Like many global technology companies, 3i Infotech is trying to convince businesses to invest in its cloud-computing products that move data on to the web. Ashish Dass, the company's senior vice president and head of its Middle East and North Africa operations, talks about the firm's marketing strategy for growing its business.
q How did your company try to build the business when it first pushed into this region more than a decade ago?
a We invested a lot in marketing … to help us from the branding perspective. I wish TV commercials helped but they don't. We did a lot of e-mailers and seminars to smaller groups because the market was very small at that point. Then, of course, the challenge was to get the initial customers on board. Over time that happened.
How does your company try to grow its business today?
We hardly do [advertising-based] marketing because we've established good word-of-mouth. In all honesty, marketing is not the integral factor. But I think the customer comes first, and if you have established a good customer base and they're pretty happy using what you've got, they become your marketing arm.
Besides word-of-mouth marketing, how else have you tapped into that customer base?
The small business industry is very close-knit in this part of the world, and they meet often and have their own associations and industry forums. For food and beverage companies, there'll be small groups they've made. Chartered accountants will have their own. We get speakers to these forums. We have a lot of events.
There has been a lot of buzz about cloud computing lately. What do you think is the biggest benefit for companies that buy products or services that move their business data online?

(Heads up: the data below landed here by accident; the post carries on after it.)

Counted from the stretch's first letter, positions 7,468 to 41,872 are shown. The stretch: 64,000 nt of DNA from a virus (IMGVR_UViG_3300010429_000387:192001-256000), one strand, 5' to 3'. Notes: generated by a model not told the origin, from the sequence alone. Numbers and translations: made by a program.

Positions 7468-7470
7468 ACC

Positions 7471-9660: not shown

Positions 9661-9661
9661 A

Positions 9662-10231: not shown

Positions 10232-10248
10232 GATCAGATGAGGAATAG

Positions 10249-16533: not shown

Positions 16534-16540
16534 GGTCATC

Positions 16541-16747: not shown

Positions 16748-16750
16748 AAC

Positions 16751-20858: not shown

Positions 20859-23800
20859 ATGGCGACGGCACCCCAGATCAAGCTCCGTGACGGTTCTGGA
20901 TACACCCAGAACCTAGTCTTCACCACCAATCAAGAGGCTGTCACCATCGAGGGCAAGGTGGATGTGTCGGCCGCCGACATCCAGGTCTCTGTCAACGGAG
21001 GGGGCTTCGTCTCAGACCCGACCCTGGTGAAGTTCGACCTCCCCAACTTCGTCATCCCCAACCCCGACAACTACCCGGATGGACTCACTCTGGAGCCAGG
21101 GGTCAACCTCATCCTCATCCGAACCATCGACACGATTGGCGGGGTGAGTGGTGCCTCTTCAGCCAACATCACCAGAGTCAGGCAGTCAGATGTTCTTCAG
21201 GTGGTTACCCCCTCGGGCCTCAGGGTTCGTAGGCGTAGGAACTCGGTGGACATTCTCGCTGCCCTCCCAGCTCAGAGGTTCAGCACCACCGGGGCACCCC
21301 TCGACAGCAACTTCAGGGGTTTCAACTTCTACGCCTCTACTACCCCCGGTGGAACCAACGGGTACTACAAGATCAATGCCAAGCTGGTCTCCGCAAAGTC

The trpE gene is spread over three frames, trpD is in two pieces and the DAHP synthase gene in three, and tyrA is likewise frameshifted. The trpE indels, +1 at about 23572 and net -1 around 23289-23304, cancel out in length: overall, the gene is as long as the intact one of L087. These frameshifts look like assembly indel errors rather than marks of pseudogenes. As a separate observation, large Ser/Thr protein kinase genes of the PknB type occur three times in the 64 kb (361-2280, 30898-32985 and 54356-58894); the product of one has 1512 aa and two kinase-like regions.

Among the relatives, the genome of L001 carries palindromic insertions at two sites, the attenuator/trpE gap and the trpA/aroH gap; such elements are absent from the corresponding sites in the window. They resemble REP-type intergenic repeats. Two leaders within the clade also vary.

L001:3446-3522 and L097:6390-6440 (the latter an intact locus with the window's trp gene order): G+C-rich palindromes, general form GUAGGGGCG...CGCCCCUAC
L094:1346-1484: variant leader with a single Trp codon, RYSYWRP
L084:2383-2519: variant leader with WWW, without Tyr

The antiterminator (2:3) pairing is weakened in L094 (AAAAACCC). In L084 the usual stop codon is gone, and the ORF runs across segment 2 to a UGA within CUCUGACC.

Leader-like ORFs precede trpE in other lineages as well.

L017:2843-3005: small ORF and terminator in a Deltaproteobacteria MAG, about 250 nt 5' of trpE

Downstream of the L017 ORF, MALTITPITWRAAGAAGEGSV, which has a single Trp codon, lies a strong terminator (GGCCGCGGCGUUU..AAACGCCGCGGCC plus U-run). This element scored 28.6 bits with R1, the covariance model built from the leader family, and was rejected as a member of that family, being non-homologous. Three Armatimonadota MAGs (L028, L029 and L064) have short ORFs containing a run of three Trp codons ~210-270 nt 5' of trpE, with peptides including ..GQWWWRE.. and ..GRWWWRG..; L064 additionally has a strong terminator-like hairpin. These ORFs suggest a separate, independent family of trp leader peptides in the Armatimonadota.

Once you start using a virtual environment, there is simply low maintenance costs. It is not zero, but it goes down a considerable amount.
How do you market your cloud-computing products and services to new customers?
It's a challenge, to be honest. It has been in the news and all over the place for about a year or two now, but it's got its own challenges about people [wondering] whether their data - specifically business data - will be secure on the Internet. I personally feel it's a mindset more than anything else, and that mindset is a challenge.
How do companies like yours change that mindset?
I remember in the mid-1990s in the region, people weren't ready to buy computer applications. They were ready to develop them from scratch, and it took almost a decade before that changed. I believe we're in the same curve of maturing now, where cloud computing is in the nascent stage in this part of the world. Give or take five or six years, and I'm sure there will be a time when people will be wanting to use this more.